When consuming protein the body’s blood sugar will also rise, and in if not balanced with other macronutrients, will cause a dramatic increase. Last but not least, fat is the one nutrient that actually slows down the digestive process and minimizes blood sugar spikes. The rate at which the stomach empties fat into the intestines is naturally slower and requires more time. Simply incorporating fat into a meal can dramatically decrease the blood sugar and insulin spike. So you ask, why aren’t more people utilizing fat consumption to regulate blood sugar? That’s another great question.



      As illustrated above, our blood sugar levels are influenced by multiple physiological systems. The health of each organ and the hormones related, will dictate our capacity to optimize energy utilization. It’s important to understand that if issues arise they are dependent on the individual's current health, nutritional habits, lifestyle factors, and more. Highlighted below are some of the most common problems related to the concept of blood sugar.

HYPOGLYCEMIA: A condition in which blood glucose levels go too low and result in a myriad of symptoms. The primary concern is generally a lack of glucose to the brain, which can cause major dysfunctions neurologically. When levels get into the low, below 70 mg/dL (completely dependent on the individual) hypoglycemia is usually presented, and glucose is needed to bring levels up. Now, if insulin levels are high or not controlled (elevated for extended periods) then glucose levels will commonly fall below the norm, setting off this cascade.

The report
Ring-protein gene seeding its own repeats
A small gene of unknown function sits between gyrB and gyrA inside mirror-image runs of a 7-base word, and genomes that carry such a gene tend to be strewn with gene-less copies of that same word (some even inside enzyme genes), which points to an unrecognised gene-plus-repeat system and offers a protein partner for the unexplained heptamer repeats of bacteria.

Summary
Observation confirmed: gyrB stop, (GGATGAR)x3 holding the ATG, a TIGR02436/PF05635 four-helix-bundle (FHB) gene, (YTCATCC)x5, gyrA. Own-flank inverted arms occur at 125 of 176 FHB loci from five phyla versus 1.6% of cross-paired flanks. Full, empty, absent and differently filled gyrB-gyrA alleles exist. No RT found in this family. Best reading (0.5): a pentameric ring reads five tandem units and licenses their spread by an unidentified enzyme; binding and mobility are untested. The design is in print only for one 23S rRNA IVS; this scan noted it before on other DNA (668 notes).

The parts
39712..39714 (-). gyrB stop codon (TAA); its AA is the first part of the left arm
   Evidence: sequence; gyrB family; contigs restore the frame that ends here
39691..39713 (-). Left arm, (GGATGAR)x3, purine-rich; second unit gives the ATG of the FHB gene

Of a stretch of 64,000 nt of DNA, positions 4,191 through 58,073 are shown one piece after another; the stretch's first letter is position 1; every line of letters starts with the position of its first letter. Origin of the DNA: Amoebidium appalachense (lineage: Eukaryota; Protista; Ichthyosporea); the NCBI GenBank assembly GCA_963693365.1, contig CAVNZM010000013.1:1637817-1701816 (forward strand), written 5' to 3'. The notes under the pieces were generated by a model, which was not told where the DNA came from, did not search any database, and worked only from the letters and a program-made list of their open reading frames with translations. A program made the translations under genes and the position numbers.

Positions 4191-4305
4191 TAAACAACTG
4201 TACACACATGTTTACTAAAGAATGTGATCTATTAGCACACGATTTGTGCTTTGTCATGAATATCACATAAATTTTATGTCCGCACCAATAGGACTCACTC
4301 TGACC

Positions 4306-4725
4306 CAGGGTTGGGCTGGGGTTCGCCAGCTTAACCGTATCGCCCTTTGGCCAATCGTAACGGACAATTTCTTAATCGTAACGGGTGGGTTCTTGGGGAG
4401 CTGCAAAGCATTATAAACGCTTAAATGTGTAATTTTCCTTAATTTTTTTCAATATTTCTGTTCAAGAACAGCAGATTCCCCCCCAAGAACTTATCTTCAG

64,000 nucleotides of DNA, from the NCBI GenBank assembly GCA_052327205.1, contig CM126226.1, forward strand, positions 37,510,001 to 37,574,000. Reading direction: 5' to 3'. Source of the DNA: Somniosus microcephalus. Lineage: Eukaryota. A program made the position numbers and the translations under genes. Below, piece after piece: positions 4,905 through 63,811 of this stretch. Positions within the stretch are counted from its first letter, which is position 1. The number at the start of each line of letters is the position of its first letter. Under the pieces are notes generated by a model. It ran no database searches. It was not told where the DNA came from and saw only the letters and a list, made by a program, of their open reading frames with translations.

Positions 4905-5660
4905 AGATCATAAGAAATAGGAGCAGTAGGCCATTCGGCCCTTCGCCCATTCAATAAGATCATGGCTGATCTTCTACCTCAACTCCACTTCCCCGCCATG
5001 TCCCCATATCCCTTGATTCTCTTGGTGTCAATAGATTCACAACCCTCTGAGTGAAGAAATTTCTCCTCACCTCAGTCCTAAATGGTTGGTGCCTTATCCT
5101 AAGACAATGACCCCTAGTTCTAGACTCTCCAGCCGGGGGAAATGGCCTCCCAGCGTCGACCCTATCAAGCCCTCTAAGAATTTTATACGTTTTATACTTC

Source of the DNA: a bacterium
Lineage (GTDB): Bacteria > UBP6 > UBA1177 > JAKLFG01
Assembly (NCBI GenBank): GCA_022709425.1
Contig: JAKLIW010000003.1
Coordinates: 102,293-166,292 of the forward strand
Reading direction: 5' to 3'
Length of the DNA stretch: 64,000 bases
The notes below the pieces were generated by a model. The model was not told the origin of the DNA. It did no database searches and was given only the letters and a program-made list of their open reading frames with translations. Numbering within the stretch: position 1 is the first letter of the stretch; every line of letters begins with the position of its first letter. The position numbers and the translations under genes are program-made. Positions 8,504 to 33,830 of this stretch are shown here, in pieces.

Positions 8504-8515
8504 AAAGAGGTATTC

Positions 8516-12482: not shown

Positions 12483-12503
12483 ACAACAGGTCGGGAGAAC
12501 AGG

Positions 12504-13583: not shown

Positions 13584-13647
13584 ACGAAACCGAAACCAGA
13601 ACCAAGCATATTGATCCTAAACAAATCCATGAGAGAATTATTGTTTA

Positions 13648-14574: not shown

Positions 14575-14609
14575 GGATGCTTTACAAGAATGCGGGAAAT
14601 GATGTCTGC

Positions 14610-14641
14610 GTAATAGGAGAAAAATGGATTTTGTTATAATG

REACTIVE HYPOGLYCEMIA: A pattern or consistent occurrence of hypoglycemia within several hours after eating a high carbohydrate meal. Again excessive insulin or prolonged insulin release will drive level down. There is no diagnosis of diabetes while individuals are going through this.  

HYPERGLYCEMIA: Excessively high levels of blood glucose in the circulation. The presence of glucose and insulin in high levels in the circulation are toxic and dangerous. The glucose will connect with proteins in the circulation, creating glycation reactions and cross-linking. This will slow down the circulation and decrease optimal blood and cellular flow. Excessive cross-linking will lead to Advance Glycation End-Products (AGEs), which lead to a whole host of problems.

DYSGLYCEMIA: Abnormal blood glucose levels or fluctuations of hyperglycemia and hypoglycemia.